In Rawlinson v Brightside Group Ltd, UKEAT 2017, the Employment Appeal Tribunal ('EAT') held that an employer had breached the implied term of trust and confidence when it gave a false reason for an employee's dismissal, with the effect that the employee was entitled to bring a claim for breach of contract for his notice pay.
- There is an implied term that employers must not without reasonable and proper cause, conduct themselves in a manner calculated or likely to destroy or seriously damage the relationship of mutual confidence and trust between employer and employee (Woods v WM Car Services (Peterborough) Ltd  IRLR 413, CA and Malik v BCCI SA (In Liquidation)  AC 20).
- Generally, to establish constructive dismissal, an employee must be able to show that they resigned in response to the relevant breach. However, in Tullett Prebon plc and others v BGC Brokers LP and others  IRLR 648, the High Court accepted that, whilst this approach is correct where the employee is seeking compensation for unfair or wrongful dismissal (because the employee has to show that their loss was caused by the employer's repudiatory breach), the situation is different where an employee is merely relying on their employer's conduct to release themselves from their contractual obligations. In that situation, the court in Tullet felt that an employee may point to an employer's fundamental breach to justify their refusal to perform their contract, regardless of why they left employment or whether they knew of the employer's breach at the time.
- In Johnson v Unisys Ltd  IRLR 279 HL, the House of Lords established that an employee cannot claim common law damages allegedly suffered as a result of the manner of dismissal (commonly referred to as the 'Johnson exclusion zone'), but, instead, must pursue such loss by way of a statutory unfair dismissal claim.
In this case, the EAT had to consider whether a Tribunal had been wrong to reject a claim for damages for wrongful constructive dismissal of an employee who resigned when he was given a false reason for his termination of employment.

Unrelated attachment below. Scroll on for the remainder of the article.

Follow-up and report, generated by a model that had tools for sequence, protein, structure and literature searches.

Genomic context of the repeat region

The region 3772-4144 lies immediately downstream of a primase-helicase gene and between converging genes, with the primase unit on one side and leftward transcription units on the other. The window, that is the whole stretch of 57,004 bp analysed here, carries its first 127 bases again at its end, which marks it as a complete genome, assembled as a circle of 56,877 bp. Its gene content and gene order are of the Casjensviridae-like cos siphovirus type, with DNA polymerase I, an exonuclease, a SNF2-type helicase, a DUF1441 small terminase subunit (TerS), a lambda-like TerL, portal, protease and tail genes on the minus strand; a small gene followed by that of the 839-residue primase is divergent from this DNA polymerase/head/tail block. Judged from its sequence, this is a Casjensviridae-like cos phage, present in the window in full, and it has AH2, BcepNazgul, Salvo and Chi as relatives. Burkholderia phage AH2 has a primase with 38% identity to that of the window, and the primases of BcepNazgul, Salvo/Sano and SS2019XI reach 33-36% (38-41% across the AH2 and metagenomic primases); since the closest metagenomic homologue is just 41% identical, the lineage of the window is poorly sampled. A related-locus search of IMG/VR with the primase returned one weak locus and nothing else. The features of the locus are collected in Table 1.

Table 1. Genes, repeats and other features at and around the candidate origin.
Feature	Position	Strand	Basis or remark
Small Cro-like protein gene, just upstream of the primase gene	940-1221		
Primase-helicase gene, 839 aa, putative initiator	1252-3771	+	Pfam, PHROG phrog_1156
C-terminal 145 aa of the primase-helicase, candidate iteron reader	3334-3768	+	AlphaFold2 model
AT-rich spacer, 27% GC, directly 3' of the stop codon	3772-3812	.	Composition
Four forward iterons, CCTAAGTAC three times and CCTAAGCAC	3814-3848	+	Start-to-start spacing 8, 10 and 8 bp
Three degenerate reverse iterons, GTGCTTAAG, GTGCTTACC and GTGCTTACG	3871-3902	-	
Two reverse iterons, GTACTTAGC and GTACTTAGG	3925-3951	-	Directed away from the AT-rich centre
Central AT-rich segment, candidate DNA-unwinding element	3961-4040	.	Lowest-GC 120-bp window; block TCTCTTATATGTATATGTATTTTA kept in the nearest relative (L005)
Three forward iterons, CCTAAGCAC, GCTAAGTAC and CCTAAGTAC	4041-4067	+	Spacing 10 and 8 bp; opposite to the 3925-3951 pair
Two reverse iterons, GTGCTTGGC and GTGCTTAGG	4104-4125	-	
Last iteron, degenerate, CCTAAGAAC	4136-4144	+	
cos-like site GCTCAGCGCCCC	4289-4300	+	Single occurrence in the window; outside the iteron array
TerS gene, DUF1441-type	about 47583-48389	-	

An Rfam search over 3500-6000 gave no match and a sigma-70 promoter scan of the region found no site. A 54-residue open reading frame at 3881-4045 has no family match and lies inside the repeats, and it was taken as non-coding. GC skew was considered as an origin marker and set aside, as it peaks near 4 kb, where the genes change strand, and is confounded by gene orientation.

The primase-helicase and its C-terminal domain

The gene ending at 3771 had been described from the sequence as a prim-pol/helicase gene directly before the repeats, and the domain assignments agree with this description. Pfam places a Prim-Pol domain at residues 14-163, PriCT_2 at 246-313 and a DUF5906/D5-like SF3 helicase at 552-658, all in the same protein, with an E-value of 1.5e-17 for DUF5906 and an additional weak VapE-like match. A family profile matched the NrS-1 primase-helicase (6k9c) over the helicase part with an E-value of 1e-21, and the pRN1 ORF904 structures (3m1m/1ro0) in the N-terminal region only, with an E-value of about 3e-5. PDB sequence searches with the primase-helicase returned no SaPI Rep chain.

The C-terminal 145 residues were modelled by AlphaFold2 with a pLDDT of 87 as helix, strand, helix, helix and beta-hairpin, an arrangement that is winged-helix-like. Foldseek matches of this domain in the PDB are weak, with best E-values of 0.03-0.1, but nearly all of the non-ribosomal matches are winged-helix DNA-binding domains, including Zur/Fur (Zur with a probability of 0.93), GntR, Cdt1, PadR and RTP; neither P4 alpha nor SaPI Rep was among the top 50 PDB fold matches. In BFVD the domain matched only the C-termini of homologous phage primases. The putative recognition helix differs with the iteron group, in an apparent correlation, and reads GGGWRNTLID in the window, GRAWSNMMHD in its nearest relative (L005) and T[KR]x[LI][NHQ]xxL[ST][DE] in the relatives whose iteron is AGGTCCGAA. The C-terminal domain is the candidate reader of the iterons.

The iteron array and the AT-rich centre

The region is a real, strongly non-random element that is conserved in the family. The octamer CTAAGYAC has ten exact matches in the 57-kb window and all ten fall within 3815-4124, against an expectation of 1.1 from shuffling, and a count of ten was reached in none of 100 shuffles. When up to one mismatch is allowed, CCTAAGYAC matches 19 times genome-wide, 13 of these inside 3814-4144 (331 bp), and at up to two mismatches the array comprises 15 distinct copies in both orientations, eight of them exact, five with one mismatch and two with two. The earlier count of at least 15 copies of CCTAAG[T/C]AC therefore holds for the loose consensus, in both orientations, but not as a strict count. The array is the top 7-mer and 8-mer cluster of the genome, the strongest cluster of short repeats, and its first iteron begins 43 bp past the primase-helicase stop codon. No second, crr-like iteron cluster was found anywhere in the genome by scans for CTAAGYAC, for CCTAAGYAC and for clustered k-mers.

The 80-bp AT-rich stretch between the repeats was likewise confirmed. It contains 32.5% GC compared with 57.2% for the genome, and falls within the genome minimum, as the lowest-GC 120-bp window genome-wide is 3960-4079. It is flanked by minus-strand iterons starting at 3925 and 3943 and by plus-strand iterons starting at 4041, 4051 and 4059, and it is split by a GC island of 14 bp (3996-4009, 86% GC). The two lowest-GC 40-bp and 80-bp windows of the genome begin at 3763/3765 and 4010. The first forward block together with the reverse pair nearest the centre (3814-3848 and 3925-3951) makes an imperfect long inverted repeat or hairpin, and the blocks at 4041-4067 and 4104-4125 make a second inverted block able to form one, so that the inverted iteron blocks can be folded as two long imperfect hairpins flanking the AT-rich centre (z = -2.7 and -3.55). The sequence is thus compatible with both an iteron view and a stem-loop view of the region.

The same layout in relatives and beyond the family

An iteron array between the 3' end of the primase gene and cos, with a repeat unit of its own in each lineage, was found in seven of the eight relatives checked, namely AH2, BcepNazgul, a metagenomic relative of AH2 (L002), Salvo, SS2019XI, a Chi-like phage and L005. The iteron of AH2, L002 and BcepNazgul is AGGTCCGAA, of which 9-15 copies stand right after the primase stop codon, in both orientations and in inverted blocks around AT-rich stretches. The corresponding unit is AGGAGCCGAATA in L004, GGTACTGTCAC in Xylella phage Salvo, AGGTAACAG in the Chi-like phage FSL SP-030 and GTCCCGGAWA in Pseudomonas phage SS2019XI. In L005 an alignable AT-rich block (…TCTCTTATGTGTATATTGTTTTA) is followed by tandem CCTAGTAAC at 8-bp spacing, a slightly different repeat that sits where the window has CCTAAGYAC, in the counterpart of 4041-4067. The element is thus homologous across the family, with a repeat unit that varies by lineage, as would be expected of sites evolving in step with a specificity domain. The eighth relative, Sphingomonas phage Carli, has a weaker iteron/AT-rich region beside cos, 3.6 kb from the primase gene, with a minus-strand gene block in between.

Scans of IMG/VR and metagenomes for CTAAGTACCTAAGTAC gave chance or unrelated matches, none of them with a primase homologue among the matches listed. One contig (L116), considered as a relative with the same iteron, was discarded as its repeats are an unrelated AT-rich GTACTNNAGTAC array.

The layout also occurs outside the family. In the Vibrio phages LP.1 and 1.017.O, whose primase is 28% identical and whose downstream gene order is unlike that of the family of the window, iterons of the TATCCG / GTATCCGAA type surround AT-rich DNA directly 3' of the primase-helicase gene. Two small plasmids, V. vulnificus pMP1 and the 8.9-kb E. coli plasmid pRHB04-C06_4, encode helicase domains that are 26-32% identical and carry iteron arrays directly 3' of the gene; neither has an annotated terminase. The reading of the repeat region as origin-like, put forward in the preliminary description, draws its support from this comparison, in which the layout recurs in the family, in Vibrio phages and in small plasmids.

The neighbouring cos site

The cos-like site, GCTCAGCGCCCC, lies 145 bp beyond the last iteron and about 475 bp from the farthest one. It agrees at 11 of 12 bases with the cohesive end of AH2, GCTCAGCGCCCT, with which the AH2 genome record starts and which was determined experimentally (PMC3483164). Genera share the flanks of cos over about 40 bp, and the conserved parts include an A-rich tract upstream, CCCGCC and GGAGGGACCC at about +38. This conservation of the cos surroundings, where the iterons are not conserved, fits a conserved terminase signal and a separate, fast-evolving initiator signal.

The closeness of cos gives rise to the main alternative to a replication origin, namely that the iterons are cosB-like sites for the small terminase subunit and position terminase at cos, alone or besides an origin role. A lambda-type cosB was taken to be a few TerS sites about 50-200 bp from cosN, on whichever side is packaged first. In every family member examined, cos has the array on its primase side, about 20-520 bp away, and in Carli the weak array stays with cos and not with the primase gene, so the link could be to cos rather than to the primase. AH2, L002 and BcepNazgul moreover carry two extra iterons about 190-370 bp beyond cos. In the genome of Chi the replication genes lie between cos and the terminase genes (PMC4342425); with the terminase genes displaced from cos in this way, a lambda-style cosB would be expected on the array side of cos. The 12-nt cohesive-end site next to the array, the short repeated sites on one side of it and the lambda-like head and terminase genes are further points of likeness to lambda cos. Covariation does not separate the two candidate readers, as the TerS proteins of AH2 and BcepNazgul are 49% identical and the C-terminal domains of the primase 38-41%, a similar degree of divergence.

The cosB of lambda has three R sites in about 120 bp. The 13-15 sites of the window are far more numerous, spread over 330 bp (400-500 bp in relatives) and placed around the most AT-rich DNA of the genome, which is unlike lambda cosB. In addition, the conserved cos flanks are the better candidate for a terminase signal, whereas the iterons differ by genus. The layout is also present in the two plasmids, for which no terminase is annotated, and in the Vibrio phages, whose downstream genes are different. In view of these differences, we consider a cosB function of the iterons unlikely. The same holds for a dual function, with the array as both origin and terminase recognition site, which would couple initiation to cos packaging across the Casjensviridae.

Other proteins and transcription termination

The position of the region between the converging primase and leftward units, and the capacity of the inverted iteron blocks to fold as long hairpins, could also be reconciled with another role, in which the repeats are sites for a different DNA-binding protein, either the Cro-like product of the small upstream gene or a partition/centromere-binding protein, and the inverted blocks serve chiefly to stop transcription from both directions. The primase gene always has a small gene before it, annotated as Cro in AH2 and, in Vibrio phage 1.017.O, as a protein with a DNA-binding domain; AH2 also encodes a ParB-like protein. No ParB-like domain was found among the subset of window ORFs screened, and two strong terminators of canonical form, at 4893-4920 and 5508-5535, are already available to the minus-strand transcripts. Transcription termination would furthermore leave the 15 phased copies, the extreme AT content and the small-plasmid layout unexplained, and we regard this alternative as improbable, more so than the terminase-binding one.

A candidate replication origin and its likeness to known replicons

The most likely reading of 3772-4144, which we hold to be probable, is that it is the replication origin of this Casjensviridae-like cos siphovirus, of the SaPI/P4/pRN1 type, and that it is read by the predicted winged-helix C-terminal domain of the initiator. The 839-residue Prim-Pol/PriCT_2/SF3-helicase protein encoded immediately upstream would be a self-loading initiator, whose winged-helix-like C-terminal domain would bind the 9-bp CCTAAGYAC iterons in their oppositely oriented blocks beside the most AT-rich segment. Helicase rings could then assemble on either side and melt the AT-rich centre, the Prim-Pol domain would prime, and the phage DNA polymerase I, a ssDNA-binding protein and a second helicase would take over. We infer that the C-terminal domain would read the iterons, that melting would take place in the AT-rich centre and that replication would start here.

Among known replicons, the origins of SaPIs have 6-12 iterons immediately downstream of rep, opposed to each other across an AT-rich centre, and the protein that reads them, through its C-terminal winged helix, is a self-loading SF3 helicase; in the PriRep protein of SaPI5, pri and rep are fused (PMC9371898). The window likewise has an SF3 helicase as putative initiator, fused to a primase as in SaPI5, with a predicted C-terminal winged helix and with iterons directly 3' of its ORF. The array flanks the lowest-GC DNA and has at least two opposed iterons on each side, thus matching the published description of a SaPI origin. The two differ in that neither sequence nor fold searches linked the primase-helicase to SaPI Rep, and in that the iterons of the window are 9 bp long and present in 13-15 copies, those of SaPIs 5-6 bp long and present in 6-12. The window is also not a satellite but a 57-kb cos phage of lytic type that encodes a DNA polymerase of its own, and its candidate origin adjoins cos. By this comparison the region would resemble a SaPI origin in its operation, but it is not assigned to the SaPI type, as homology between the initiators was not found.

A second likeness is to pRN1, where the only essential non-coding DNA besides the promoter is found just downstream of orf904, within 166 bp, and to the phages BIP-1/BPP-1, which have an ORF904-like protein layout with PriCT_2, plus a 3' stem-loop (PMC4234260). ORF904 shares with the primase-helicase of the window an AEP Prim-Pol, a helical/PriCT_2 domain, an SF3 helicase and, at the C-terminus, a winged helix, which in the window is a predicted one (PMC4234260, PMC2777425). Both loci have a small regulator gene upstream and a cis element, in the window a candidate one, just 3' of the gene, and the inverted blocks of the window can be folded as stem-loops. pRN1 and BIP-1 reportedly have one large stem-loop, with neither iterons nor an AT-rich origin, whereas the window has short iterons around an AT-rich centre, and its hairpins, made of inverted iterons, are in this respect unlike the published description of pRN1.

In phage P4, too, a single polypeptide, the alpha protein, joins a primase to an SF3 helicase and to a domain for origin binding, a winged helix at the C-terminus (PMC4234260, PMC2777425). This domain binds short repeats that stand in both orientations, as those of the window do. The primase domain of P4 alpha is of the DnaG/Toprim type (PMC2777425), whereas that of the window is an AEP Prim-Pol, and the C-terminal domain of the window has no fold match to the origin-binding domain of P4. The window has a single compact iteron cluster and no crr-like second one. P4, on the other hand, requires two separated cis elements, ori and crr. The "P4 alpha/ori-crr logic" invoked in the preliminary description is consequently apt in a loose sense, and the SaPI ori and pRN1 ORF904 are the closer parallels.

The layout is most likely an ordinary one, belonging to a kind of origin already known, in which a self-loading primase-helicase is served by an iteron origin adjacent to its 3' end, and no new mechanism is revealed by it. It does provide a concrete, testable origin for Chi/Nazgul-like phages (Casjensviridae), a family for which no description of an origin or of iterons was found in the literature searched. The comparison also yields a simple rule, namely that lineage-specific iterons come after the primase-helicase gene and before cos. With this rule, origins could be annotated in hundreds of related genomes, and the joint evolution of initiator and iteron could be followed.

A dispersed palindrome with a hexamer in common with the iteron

Mr Rawlinson (R) was employed as Group Legal Counsel at an insurance broking business (the Company). His contract of employment provided for a three month notice period. However, the CEO who recruited R was dismissed the day after R started employment. A new CEO started one month later, who, behind the scenes, quickly identified concerns with R's performance. Although R was made aware of some matters that needed to be addressed, the Company did not raise any detailed concerns with him about his performance.
Two months later, the Company decided to dismiss R. The Company wanted R to work through his three month notice period to ensure a smooth handover of work, so decided to tell R that the reason for his dismissal was a decision to outsource legal services (thus 'softening the blow'), rather than highlighting their concerns about his performance with him. However, R resigned with immediate effect on the basis that any outsourcing exercise would constitute a 'relevant transfer' under the Transfer of Undertakings (Protections of Employment) Regulations TUPE 2006 (TUPE) and asserted that the Company had acted in breach of its information and consultation obligations.
R brought claims in the Employment Tribunal for breaches of the duty to inform and consult on a service provision change and for breach of the consultation requirements on a collective redundancy. He also claimed damages for constructive wrongful dismissal, contending that he resigned in response to a fundamental breach of contract, namely the implied term obligation to maintain trust and confidence.